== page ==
Researchers from NYU Langone Medical Center have discovered and characterized a general mechanism that controls transcription elongation in bacteria. The mechanism, described in the April 23 issue of Science, relies on physical cooperation between a moving ribosome and RNA polymerase (RNAP) that allows for a precise adjustment of the transcriptional yield in response to translational needs. The study could lead to the development of new ways to interfere with bacterial gene expression and serve as a new target for antimicrobial therapy.
"The finding that the active ribosome controls the rate of transcription at every protein-coding gene and under various growth conditions was quite unexpected - and the results are far reaching," says Evgeny Nudler, PhD, the Julie Wilson Anderson Professor of Biochemistry at NYU Langone Medical Center and lead author of the study. "It appears that the ribosome not just moves behind RNAP while translating the nascent transcript, but it is actually able to 'push' the paused or arrested RNAP molecules forward, thereby accelerating RNAP speed and also helping RNAP to traverse road blocks imposed by DNA binding proteins."
In the study, Nudler and colleagues demonstrate that the rate of transcription elongation perfectly matches the rate of translation under various growth conditions. They also show that the transcription rate depends on codon usage, or the frequency of rare codons which modulates the speed of a ribosome. Finally, the authors illustrate that it is the speed of the ribosome that determines the speed of RNAP -- whereby the acceleration or deceleration of a ribosome by chemical or genetic manipulation leads to corresponding changes in RNAP speed.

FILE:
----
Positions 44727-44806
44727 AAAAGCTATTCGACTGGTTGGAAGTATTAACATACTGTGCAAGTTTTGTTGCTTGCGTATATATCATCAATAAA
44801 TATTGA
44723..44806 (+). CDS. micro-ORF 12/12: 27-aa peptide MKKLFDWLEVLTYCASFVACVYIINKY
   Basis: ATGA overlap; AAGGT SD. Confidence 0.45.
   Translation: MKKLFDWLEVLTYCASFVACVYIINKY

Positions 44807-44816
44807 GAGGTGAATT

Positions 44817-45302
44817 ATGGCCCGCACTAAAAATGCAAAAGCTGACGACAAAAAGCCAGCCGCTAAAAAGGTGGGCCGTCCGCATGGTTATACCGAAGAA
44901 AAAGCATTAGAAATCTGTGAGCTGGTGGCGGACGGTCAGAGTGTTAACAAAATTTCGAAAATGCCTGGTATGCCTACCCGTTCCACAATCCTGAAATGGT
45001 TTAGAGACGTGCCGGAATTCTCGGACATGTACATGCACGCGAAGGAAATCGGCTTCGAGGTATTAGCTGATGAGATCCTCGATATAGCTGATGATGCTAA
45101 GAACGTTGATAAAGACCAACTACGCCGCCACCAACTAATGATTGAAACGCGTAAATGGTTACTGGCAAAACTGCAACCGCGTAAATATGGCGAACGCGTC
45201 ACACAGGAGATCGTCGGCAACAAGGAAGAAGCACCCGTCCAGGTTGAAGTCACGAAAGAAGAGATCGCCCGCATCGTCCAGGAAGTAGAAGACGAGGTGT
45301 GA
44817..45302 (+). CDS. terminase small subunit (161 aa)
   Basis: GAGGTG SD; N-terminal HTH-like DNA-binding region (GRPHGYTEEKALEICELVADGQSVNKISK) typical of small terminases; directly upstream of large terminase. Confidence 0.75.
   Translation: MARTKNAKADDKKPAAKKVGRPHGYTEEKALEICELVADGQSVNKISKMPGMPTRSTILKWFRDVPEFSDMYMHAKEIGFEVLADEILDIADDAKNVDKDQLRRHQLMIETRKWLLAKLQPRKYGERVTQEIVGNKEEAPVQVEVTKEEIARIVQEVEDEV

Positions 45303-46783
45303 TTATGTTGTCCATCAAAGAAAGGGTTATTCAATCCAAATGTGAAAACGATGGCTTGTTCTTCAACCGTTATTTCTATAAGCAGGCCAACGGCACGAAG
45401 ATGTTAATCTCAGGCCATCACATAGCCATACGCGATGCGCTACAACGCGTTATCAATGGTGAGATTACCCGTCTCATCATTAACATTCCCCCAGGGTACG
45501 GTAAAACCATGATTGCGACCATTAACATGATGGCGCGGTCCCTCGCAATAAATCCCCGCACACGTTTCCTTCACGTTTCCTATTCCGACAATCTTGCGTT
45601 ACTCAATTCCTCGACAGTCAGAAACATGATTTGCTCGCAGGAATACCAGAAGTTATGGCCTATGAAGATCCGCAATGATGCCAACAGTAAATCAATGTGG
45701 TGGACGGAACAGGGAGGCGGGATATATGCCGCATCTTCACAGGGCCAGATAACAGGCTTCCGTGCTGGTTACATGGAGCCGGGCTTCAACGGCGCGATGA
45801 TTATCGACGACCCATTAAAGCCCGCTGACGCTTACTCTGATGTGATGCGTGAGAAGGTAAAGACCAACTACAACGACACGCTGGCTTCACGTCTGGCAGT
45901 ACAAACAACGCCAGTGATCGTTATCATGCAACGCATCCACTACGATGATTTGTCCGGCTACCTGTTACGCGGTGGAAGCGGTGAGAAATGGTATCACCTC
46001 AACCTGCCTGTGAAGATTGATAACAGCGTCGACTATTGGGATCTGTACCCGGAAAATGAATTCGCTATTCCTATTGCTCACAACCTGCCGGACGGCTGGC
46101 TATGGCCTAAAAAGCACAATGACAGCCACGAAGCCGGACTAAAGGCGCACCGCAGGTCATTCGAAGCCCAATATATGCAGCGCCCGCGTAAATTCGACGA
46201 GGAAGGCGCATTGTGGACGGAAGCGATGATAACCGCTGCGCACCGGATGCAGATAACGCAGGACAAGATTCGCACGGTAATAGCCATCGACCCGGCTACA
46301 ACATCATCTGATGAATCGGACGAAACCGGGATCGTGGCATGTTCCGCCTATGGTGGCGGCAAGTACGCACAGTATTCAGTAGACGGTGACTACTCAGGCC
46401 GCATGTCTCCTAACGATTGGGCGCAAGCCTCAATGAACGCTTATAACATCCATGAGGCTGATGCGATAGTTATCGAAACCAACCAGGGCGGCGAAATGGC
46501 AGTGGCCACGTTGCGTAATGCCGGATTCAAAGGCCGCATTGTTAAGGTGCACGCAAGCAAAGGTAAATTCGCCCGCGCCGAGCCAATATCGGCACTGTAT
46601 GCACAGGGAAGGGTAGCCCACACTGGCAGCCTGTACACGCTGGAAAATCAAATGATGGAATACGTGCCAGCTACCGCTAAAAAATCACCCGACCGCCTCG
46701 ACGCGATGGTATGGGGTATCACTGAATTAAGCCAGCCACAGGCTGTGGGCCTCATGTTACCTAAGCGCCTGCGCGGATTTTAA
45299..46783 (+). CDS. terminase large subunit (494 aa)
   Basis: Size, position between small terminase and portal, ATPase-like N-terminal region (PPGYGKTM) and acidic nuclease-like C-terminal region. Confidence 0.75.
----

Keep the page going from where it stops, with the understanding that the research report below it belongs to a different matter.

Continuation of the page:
Transcription and translation are the two principle events in the pathway of converting the genetic code into proteins. The data shows that these two events are tightly coupled, and cannot proceed efficiently without each other. Thus, uncoupling these processes, by breaking the proposed physical linkage between RNA and polymerase and the ribosome, could be a new way to disrupt bacterial gene expression and serve as a new target for antimicrobial therapy.
The implications of the study are important because it could lead to the development of novel ways to disrupt gene expression and the creation of new antimicrobial therapies. Not only does this cooperation mechanism save energy by limiting any excessive transcripts that cannot be translated in a timely manner, but it also prevents premature transcription termination by Rho factor, ensuring continuous coupling between transcription and translation. Thus, bacteria rely on macromolecule trafficking and cooperation, a fundamentally novel mechanism, to finely control expression of each individual gene in response to nutrient availability and growth phase.
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